A male wood turtle trying to court a female from the beginning of November 2018.
Courtship usually leads to breeding in this Pennsylvania species of special concern and these two were definitely not disturbed during this observation.
Courting behavior is quite common throughout various wildlife species in order to reproduce. Many species of turtles will put on quite the display both actively (male and females headbobbing, gentle caressing, dances, fighting, etc.) and passively (males with bright coloration, males growing longer claws, etc.) during their breeding seasons to carry on their genetics. Genotype (genetic makeup of organism) to preferred phenotype (visible result of genes and environment). These characteristics contribute to the overall fitness of an animal and allow the species to carry on. In this case, the male had already secured his spot and was gently massaging the female. I have a vid I can post if there's anyone who would like to see this behavior, haha. Anyways, she likely carried him and other males around for awhile earlier this month.
The wood turtle on top was the first turtle I marked at this site in October of 2015. He has been everywhere in every season through the years that I've known him. I utilize photos a lot in order to ID the turtles rather than disturb them.
Fall is not only the season for bird migrations, but its also the season when Wood Turtles begin migrating back to forested streams to hibernate. Locally known as "ol' red legs" or "skilpots", this semi-aquatic turtle has experienced dramatic declines throughout its range as a result of habitat loss, road mortality, and illegal poaching for the pet trade. With funding from a Competitive State Wildlife Grant, DGIF has been conducting surveys and working with various conservation partners, private landowners and even a local State Senator (Richard "Dick" Black), to help stop this decline and protect the remaining populations. Visit www.americanturtles.org to learn more about this species and our conservation efforts. #🐢 #vawildlife#turtle#gooutdoorsva#woodturtle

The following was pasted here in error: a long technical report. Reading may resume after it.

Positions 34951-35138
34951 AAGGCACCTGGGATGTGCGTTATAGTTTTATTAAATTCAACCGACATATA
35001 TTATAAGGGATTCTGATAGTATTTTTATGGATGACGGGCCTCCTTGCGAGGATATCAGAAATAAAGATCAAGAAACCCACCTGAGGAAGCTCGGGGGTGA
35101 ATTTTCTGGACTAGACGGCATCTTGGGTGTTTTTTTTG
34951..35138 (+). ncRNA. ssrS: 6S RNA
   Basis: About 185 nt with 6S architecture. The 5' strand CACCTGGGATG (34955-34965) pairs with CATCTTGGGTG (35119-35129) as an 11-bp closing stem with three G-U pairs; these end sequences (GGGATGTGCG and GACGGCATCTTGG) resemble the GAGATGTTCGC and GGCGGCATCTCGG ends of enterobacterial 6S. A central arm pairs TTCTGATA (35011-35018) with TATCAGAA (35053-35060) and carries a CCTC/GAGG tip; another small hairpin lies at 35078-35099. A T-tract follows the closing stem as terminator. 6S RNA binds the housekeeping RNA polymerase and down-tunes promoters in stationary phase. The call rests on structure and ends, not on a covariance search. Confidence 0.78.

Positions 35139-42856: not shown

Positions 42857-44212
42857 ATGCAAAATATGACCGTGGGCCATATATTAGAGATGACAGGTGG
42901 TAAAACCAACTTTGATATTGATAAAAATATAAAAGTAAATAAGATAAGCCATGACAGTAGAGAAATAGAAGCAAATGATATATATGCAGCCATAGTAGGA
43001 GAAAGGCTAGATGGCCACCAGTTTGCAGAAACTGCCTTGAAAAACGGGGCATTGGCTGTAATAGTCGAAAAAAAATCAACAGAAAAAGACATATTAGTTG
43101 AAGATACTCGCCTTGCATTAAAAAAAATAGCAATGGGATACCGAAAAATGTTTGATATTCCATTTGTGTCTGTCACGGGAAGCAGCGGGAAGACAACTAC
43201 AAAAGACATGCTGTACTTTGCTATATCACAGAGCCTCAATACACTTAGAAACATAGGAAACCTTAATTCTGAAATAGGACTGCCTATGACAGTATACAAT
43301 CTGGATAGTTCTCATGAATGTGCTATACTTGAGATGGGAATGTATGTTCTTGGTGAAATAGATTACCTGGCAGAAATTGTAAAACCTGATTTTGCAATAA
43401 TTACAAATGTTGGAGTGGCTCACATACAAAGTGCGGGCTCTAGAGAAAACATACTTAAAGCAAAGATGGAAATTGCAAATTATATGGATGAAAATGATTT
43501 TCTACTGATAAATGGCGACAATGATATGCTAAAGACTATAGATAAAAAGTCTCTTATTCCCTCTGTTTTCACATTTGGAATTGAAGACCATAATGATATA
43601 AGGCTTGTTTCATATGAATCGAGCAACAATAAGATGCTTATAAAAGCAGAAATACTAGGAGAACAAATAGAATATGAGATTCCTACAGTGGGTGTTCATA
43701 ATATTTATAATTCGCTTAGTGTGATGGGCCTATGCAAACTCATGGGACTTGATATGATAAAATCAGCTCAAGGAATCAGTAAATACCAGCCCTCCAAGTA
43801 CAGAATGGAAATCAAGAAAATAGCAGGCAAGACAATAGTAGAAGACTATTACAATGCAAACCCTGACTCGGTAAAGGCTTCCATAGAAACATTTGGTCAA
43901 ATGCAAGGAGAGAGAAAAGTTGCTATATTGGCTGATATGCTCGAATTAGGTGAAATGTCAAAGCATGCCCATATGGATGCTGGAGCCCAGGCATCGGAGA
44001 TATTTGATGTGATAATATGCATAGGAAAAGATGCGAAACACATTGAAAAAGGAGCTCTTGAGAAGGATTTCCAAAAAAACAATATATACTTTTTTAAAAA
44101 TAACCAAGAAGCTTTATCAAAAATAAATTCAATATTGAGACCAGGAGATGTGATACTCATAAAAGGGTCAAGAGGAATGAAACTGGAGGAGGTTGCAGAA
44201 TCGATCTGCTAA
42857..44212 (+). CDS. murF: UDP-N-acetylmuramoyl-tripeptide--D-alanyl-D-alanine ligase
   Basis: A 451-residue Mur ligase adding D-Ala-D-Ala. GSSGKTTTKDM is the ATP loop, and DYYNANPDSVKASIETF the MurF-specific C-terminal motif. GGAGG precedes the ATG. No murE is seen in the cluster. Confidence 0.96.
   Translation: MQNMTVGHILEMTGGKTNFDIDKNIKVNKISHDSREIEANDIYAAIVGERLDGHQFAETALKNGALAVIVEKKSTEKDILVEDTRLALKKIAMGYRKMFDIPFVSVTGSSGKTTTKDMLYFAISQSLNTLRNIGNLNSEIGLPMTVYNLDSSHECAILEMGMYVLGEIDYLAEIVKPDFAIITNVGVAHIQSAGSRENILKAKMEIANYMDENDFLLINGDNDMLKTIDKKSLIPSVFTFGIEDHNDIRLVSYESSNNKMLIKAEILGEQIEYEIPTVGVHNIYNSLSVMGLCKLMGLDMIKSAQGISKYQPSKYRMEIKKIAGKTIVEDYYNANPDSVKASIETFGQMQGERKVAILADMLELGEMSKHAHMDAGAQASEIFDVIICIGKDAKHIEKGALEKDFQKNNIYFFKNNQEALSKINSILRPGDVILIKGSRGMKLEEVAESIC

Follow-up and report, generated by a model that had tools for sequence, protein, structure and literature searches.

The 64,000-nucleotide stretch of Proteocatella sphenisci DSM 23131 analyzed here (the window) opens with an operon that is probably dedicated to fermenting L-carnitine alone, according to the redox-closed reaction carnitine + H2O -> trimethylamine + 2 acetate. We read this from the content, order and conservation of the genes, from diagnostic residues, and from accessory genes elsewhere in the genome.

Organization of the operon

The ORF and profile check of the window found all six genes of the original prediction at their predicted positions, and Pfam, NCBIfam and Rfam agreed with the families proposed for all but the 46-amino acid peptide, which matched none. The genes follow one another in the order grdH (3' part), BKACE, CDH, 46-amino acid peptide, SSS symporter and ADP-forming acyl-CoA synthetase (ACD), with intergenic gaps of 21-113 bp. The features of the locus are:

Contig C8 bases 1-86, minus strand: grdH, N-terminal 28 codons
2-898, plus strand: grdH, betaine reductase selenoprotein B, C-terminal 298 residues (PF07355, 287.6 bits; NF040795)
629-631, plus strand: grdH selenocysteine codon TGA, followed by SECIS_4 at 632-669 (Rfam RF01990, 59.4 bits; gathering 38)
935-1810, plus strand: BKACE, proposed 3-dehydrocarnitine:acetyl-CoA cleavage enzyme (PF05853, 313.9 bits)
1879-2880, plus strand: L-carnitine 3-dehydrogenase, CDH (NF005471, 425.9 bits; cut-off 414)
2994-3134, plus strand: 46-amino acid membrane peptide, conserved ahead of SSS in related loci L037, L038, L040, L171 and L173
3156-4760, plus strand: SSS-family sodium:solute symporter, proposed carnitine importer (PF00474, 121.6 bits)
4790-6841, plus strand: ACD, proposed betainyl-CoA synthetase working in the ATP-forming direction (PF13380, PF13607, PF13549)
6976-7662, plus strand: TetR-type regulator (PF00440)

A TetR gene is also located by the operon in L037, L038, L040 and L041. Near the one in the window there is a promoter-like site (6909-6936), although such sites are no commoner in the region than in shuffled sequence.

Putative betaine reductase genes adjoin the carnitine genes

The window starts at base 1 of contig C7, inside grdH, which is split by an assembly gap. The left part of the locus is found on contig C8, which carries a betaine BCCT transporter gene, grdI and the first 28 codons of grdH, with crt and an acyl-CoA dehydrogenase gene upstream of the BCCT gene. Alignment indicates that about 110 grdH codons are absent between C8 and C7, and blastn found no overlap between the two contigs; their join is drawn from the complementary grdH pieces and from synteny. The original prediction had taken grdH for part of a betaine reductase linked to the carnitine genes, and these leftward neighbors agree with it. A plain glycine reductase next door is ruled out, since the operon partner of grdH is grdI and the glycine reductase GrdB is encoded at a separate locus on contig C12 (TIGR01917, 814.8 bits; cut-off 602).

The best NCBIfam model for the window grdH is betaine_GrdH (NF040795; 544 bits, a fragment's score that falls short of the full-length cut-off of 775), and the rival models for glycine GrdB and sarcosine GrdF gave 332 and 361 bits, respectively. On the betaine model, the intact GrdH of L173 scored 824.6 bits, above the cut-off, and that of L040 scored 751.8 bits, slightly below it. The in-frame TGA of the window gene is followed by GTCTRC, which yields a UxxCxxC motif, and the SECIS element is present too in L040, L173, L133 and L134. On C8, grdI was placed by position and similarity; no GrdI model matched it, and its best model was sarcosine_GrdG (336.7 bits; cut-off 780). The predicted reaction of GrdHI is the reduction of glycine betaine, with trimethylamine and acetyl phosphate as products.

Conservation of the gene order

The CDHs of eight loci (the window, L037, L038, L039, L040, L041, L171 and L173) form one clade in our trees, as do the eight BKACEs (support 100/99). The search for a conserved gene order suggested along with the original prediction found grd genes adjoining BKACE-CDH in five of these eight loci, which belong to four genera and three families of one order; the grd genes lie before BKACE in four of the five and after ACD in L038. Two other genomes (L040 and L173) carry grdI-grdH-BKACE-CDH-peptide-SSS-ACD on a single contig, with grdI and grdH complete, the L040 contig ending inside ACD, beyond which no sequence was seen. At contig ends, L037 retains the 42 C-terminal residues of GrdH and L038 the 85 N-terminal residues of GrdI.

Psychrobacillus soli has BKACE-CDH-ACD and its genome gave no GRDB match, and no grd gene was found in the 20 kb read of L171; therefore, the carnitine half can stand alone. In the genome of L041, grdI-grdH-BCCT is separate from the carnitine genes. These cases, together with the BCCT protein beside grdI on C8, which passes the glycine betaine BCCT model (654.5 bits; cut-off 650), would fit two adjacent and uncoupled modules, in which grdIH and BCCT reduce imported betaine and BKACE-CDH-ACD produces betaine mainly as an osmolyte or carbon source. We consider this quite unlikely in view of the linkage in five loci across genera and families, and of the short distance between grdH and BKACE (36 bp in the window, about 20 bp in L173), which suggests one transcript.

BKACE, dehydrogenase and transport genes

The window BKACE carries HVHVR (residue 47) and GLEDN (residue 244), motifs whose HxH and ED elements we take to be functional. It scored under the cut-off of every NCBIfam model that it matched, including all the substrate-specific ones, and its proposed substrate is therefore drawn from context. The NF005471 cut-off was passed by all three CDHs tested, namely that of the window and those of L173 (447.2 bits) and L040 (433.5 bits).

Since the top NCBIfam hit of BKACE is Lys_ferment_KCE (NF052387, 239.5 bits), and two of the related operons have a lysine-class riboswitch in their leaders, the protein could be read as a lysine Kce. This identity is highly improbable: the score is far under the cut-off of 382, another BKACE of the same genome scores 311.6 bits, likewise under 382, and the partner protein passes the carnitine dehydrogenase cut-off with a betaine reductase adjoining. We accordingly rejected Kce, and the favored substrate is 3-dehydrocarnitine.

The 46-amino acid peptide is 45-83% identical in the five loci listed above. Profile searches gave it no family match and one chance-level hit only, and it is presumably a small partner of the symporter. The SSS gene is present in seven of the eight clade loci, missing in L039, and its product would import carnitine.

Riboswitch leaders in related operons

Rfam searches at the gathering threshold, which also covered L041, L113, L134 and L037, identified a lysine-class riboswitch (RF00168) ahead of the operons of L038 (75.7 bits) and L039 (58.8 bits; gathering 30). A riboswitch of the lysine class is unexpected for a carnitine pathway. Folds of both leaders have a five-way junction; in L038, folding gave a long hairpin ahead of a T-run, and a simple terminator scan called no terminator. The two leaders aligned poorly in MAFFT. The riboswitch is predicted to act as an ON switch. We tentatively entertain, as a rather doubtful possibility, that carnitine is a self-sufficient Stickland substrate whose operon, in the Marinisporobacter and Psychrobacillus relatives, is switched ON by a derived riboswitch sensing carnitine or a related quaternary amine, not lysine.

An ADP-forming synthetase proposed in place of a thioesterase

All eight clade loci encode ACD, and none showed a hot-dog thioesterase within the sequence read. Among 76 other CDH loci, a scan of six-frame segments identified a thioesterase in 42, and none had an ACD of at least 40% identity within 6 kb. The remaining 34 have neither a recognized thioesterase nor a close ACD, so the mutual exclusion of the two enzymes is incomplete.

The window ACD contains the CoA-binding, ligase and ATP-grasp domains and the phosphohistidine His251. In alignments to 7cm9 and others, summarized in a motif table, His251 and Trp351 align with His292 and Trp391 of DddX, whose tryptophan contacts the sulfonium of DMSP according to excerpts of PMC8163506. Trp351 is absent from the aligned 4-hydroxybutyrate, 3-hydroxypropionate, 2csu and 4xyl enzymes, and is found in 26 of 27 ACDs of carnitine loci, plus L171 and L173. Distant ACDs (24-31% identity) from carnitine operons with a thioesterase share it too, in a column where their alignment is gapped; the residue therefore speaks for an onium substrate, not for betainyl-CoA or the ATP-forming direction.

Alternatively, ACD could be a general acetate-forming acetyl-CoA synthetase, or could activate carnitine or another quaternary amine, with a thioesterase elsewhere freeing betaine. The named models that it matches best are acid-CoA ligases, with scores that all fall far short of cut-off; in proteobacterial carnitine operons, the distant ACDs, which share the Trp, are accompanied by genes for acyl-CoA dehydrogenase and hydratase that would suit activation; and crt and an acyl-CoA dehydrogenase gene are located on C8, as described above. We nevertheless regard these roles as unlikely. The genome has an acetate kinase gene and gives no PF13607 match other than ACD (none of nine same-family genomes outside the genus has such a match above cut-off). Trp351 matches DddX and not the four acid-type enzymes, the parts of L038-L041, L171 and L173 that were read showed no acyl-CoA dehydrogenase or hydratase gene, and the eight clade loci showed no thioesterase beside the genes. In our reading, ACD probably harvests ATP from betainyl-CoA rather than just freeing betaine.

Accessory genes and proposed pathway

This sweet smile belongs to our new wood turtle patient, and a species of special concern in both ME and NH. Wood turtles are listed as globally endangered through the International Union for Conservation of Nature and Natural Resources, and their fate has the same causes as our box, Blanding’s and spotted turtles: poaching and rapid development/ loss of habitat. This patient came to us due to poaching, he was confiscated by ME IF&W from a local classroom. He has lost his front left foot, and it is unclear when this happened. Unfortunately he did not go to a wildlife rehabilitator, so the foot is now completely gone. It is unclear whether it could have been saved.
He is otherwise healthy, though we are evaluating whether his time in “inappropriate human possession”(IHP)has made him tame and unafraid of predators. In the wild, this could mean he could easily be captured again and kept as a pet or sold on the black market, or easily attacked by a raccoon or other natural predator. Wood turtles are also semi aquatic turtles, spending the majority of their time in and around rivers, flood plains, and oak/ maple forests or fields surrounding their rivers and streams. We also need to evaluate mobility and how he has adapted to the loss of the front foot.
We have several inquiries to biologists and turtle specialists on post release data of IHP turtles along with semi-aquatic turtles with similar disability. With their populations so critical and the fact that adults cannot breed until they reach 14-18 years old, each individual that can make it back can be substantial for local populations. But, we would never set up a patient for mortality. Stay tuned, and please spread the word that it is inhumane and illegal to take turtles like this from the wild. Let’s live wildlife the right way, when they are free to live their natural full lives💚🐢#conservationmedicine#environmentaleducation#cfw#centerforwildlife#woodturtle#ifyoucareleavethemthere